May 05, 2007

This article is a few years old, but I thought it worth sharing: it's the story of William Zantzinger, one of the subjects of this song:

May 04, 2007

The Joys of Netflix: Sinking a presidential campaign is now only a mouseclick away...but lets hope the MSM is more aggressive this time than they were in 2000, when they let this story slip through the cracks.

May 03, 2007

A good example of why you should never combine drinking with blogging, here. Apparently, the writer believes that the reason the Lakers didn't win the NBA Championship this season is that Kobe is a lazy n*****.

May 02, 2007

The Netroots, in a nutshell:
The most significant fact of American political life over the last three decades is that there is a conservative movement and there has not been a liberal movement. Liberalism, to be sure, has all the component parts that conservatism has: think tanks, lobbying groups, grassroots activists, and public intellectuals. But those individual components, unlike their counterparts on the conservative side, do not see one another as formal allies and don't consciously act in concert.If you asked a Heritage Foundation fellow or an editorial writer for The Wall Street Journal how his work fits into the movement, he would immediately understand that you meant the conservative movement. If you asked the same question of a Brookings Institute fellow or a New York Times editorial writer, he would have no idea what you were talking about.

The netroots have begun to change all that. Its members are intensely aware of their connection to each other and their place in relation to the Democratic Party. The word "movement" itself--once rare among mainstream liberals--is a regular feature of their discourse. They call themselves "the people-powered movement," or "the progressive movement," or, often, simply "the movement."
--Jon Chait, TNR [May 1, 2007] Chait touches on all the reasons I feel uncomfortable with "the movement," even as I appreciate the gains it has helped progressive politics make in the last few years: the tendency towards group-think and the party line, the vapid sloganeering, the disinclination to discuss (or write about) public policy, and the vilification of those with whom you disagree (and TalkLeft has a good critique of some of Chait's specific points).

Perhaps the most telling observation Chait makes is that the netroots are the mirror image of the propoganda machine that brought the right wing to power (minus, of course, a liberal version of Fox News). We forget at our peril that it isn't simply Republican policies that have damaged America, both internally and in our world standing, but also its destructive philosophy of governing and campaigning. There is nothing to prevent the Democratic Party from becoming as corrupted and discredited as the Republicans unless they repudiate the destructive behavior that has become rewarded by the system in the last twenty years. Instead, the netroots seem more inclined to emulate that behavior.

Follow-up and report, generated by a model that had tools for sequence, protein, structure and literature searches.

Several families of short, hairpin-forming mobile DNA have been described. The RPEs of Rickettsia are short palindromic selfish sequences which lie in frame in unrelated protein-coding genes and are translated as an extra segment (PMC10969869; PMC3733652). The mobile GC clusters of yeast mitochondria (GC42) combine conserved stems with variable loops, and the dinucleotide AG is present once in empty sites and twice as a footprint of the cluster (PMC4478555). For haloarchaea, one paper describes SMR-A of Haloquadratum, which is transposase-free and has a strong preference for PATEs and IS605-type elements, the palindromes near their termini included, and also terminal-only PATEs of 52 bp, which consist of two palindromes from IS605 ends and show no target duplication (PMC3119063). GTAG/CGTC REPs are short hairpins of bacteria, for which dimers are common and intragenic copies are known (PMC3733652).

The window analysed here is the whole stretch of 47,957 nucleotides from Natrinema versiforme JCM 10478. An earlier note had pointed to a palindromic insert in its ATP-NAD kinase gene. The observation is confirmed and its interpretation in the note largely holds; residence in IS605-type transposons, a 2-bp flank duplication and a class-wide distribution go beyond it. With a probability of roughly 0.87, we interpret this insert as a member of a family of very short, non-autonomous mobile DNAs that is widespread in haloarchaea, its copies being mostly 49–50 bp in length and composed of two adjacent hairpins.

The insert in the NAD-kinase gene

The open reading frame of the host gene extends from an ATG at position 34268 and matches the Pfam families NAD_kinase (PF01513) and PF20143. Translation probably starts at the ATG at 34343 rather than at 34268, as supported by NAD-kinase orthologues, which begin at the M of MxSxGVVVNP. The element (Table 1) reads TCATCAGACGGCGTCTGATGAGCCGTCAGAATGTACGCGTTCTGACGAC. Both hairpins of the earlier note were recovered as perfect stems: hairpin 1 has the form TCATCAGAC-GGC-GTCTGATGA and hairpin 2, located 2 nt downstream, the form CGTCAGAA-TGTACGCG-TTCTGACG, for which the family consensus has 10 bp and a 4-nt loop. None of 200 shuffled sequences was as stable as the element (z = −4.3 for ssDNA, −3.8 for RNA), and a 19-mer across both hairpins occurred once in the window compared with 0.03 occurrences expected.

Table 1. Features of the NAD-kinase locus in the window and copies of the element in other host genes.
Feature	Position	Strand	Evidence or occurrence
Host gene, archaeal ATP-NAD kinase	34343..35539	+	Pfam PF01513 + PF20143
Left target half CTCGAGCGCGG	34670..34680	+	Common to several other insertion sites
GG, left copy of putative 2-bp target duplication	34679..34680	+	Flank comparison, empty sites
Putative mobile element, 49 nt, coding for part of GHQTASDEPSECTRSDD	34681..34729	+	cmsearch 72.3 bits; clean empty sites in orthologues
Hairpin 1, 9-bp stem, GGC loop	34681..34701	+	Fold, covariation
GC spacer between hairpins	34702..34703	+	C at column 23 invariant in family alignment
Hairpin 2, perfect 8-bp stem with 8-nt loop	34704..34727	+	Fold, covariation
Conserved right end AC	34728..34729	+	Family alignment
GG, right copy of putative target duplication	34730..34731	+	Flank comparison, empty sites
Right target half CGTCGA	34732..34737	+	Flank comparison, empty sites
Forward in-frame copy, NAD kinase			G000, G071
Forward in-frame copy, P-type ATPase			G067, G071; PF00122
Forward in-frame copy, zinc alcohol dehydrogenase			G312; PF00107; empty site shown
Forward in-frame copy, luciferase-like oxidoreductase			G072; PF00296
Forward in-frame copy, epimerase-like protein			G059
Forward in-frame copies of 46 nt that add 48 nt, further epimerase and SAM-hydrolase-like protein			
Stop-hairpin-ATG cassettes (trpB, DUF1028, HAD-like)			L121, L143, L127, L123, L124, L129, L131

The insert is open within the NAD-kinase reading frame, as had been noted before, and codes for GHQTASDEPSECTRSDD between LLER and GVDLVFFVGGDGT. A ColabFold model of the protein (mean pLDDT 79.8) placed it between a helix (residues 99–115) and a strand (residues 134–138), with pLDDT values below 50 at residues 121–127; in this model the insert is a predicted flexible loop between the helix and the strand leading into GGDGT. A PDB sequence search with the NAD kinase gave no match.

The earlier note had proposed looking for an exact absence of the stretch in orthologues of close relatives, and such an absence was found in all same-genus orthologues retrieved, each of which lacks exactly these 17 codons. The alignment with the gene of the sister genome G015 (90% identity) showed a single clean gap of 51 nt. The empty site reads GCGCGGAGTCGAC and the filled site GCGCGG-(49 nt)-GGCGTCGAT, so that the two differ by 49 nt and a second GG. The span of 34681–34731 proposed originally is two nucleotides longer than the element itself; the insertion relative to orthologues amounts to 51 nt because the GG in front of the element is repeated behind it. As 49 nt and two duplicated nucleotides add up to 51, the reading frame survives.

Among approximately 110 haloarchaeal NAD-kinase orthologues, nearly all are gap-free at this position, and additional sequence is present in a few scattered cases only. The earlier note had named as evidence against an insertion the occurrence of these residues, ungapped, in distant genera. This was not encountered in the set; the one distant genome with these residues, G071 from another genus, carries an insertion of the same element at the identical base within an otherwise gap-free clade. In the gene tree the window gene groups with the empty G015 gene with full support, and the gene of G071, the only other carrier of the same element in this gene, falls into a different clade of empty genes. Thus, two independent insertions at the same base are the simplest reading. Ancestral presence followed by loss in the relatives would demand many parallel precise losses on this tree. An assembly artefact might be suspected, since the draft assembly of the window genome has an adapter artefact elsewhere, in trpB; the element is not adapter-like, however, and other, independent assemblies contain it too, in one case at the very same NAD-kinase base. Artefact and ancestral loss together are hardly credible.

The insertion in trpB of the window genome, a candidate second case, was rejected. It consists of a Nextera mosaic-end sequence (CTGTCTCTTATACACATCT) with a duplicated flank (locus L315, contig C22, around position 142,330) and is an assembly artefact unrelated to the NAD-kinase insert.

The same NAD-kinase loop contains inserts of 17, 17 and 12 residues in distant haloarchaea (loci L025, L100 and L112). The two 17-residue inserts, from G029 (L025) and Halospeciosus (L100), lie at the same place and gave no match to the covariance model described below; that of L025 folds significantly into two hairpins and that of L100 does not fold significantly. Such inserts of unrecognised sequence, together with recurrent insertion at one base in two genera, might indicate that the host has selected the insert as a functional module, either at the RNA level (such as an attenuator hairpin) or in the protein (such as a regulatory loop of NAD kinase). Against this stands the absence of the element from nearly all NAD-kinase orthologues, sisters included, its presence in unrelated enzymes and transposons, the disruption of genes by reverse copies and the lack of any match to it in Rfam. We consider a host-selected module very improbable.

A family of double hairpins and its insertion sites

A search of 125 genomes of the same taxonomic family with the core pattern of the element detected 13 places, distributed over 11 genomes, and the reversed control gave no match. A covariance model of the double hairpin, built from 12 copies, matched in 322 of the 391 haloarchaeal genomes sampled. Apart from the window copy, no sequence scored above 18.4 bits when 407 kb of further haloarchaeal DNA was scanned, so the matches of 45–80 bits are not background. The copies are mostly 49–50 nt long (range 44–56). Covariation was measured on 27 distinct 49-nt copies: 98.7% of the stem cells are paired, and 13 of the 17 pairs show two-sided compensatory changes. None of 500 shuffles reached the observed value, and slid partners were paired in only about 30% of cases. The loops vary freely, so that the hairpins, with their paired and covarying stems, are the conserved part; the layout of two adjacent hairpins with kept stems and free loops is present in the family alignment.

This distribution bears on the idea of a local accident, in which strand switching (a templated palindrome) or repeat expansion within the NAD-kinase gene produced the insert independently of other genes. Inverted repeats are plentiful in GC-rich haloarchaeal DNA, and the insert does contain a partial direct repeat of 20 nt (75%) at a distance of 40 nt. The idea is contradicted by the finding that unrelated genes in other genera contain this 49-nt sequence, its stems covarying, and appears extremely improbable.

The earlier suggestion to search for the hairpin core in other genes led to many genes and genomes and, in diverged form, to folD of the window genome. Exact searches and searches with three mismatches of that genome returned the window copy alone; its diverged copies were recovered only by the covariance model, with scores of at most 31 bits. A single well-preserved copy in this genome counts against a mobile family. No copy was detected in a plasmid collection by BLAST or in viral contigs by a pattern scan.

My nephew, Charles Ruderman, attended his first Dodger game last night, and it seems he had a good time...

Pics compliments of his Uncle Jimmy...the mess on his face can be blamed on the Dodgers, who beat Arizona, 2-1.

May 01, 2007

Today is the fourth anniversary of the official end to the war in Iraq, the date that America "accomplished" its "mission." Where will you be commemorating Uno de Mayo?

April 30, 2007

Kevin Drum points out something that has been obvious to me for a few years: kids today are just smarter than I was at the same age. Or, they have earned a heckuva lot more credentials in the academic sphere than I had when I got accepted to Reed College twenty-six years ago(with Berkeley as my "safety school," available when I divorced myself from all Portland ties after my freshman term). I was a B-student at Harvard High, with good-but-not-spectacular SAT's, letters in track and cross country, and special distinction ranking in forensics. My community involvement was minimal, to say the least; other than volunteering on a couple of political campaigns, there wasn't anything worth mentioning.

Today, those credentials would barely get me into a state college, at best. Of course, I would be more motivated to improve my qualifications were I a teen today, but the spectre of incurring close to a half million dollars in student loan debt might have soured my ambitions in that regard. In any event, the closest I could get to Berkeley now is watching the Golden Bears at 14-Below.
Presented, without editorial comment:

Speaking of which, last week we heard the heartbreaking news that Natalie Nelson is engaged. And not to some rich fratboy a-hole, neither, but to SC's starting center last season, who was just picked up in the second round by Carolina. Congrats to the lucky couple, and CRAP !!!